As we are facing a hurricane emergency, here is some good information for you to consider now:
The Red Cross Advises:
The Importance of a Personal Support Network
The American Red Cross recommends that senior citizens create a personal support network made up of several individuals who will check in on you in an emergency, to ensure your wellness and to give assistance if needed. This network can consist of friends, roommates, family members, relatives, personal attendants, co-workers and neighbors. Ideally, a minimum of three people can be identified at each location where you regularly spend time, for example at work, home, school or volunteer site.
There are seven important items to discuss and implement with a personal support network:
1 Make arrangements, prior to an emergency, for your support network to immediately check on you after a disaster and, if needed, offer assistance.
2 Exchange important keys.
3 Show them where you keep emergency supplies.
4 Share copies of your relevant emergency documents, evacuation plans and emergency health information card.
5 Agree on and practice methods for contacting each other in an emergency. Do not count on the telephones working.
6 You and your personal support network should always notify each other when you are going out of town and when you will return.
7 The relationship should be mutual. You have a lot to contribute! Learn about each other’s needs and how to help each other in an emergency.
More good info
- Know what disasters could affect your area, which could call for an evacuation and when to shelter in place.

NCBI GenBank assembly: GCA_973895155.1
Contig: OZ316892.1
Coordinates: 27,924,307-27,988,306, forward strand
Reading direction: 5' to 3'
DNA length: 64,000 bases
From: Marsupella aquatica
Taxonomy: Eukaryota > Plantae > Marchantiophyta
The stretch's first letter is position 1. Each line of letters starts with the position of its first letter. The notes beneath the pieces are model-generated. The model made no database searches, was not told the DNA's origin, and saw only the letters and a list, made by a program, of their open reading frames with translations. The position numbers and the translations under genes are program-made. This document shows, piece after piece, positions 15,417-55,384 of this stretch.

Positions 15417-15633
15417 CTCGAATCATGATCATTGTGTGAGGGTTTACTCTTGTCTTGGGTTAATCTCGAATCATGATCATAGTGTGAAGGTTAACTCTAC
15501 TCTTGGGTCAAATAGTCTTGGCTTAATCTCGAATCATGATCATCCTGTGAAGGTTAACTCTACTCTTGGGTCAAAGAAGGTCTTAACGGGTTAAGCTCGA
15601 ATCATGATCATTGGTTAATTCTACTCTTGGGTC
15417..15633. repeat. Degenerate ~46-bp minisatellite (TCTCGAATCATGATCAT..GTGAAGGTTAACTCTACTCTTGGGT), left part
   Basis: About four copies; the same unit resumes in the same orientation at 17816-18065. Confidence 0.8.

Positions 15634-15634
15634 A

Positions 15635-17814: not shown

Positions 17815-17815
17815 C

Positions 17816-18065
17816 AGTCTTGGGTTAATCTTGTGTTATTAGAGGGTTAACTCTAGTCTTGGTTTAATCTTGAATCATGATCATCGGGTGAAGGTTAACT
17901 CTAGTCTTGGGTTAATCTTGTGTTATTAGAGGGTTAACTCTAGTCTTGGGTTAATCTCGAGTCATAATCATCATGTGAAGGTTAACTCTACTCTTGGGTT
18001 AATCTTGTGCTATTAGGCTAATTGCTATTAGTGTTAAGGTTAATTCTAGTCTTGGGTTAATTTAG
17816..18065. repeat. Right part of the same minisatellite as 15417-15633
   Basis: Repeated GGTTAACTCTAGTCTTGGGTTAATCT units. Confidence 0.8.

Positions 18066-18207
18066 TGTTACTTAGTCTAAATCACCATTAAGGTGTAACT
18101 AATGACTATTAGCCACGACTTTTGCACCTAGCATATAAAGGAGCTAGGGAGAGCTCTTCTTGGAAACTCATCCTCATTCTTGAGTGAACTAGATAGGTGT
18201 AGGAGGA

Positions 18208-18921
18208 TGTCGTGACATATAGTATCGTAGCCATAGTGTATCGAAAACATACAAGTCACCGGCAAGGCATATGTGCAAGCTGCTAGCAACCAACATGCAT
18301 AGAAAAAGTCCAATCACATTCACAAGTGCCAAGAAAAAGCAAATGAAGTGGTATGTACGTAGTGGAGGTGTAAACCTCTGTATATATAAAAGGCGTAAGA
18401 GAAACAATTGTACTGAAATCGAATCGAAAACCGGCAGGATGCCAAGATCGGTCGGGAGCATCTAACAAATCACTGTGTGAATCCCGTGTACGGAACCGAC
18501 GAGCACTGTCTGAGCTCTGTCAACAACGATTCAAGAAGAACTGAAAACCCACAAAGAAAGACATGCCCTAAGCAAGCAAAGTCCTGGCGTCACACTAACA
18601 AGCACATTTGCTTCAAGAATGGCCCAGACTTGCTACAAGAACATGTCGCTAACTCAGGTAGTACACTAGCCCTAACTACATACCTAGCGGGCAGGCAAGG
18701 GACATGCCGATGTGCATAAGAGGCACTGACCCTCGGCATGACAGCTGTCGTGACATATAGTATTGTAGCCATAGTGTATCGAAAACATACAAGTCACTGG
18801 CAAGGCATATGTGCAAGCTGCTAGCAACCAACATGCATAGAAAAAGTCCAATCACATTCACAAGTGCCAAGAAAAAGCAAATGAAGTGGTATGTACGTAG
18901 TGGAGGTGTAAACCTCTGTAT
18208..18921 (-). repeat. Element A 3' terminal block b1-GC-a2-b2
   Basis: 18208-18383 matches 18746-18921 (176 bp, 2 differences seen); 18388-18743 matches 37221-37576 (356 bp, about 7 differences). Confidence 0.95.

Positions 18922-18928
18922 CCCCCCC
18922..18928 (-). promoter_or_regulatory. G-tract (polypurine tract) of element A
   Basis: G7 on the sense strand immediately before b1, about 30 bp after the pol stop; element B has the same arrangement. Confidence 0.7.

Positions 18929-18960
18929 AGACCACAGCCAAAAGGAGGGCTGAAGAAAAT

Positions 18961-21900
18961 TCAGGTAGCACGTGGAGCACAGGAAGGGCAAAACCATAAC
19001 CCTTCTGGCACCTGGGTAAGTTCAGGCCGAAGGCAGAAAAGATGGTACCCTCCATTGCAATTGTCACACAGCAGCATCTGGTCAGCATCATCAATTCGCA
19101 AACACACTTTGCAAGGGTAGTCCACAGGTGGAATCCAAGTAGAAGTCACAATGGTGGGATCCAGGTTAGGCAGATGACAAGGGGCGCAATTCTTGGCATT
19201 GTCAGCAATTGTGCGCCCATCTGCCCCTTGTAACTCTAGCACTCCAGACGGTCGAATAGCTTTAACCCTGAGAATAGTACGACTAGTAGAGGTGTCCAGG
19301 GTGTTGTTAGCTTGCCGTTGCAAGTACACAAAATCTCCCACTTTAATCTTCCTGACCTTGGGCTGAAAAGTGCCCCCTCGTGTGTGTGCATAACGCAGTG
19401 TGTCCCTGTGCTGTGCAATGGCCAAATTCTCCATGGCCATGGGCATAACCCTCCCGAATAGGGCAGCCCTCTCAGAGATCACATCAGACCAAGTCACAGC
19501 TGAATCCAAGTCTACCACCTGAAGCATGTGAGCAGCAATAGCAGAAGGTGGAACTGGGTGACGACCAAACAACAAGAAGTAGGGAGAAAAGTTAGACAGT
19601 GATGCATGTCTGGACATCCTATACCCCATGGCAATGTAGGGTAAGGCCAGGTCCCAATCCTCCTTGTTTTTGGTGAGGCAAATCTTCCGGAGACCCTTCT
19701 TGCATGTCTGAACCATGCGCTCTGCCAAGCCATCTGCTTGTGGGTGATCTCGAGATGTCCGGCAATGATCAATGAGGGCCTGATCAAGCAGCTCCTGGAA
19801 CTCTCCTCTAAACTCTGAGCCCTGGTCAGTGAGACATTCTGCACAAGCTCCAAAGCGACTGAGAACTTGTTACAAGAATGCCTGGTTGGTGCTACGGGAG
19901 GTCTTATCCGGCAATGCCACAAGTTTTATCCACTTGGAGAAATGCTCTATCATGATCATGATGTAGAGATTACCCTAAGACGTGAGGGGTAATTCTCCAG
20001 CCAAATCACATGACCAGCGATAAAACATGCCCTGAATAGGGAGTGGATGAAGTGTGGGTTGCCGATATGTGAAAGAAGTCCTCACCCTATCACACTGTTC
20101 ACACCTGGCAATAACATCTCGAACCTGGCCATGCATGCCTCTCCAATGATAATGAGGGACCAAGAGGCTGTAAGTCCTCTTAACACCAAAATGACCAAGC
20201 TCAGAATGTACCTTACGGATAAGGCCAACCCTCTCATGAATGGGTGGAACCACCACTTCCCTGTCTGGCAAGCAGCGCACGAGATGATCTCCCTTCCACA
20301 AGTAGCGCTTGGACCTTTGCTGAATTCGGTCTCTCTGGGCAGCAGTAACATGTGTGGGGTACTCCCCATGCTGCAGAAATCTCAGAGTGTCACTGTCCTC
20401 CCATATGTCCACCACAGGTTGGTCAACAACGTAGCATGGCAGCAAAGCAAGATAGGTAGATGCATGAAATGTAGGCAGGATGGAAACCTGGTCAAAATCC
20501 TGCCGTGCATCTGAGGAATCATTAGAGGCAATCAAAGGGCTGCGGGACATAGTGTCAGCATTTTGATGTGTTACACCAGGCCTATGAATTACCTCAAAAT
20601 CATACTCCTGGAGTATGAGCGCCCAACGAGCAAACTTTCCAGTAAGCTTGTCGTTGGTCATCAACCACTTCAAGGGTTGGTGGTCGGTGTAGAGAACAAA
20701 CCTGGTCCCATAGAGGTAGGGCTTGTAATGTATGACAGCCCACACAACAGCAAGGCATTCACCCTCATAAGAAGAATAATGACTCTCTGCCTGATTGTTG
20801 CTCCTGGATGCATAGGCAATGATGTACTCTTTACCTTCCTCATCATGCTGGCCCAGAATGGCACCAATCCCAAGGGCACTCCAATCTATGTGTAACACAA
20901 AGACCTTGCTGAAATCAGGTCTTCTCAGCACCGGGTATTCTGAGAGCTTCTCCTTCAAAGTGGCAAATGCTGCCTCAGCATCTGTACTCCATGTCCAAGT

- Keep a NOAA Weather Radio tuned to your local emergency station and monitor TV, radio, and follow mobile alert and mobile warnings about severe weather in your area.
- Download the FEMA app, receive weather alerts from the National Weather Service for up to five different locations anywhere in the United States.
Make a Plan
Next, determine any special assistance you may need, and include in your emergency plan.
- Create a support network of family, friends and others who can assist you during an emergency, and share your disaster plans with them. Practice your plan with them.
– Make sure they have an extra key to your home, know where you keep your emergency supplies and how to use lifesaving equipment or administer medicine.
- If you undergo routine treatments administered by a clinic or hospital, find out their emergency plans and work with them to identify back-up service providers.
- If you have a communication-related disability, note the best way to communicate with you.
- Don’t forget your pets or service animals. Not all shelters accept pets, so plan for alternatives.
– Consider loved ones or friends outside of your immediate area
– Prepare an emergency kit for your pet
For related information visit our page on Individuals with disabilities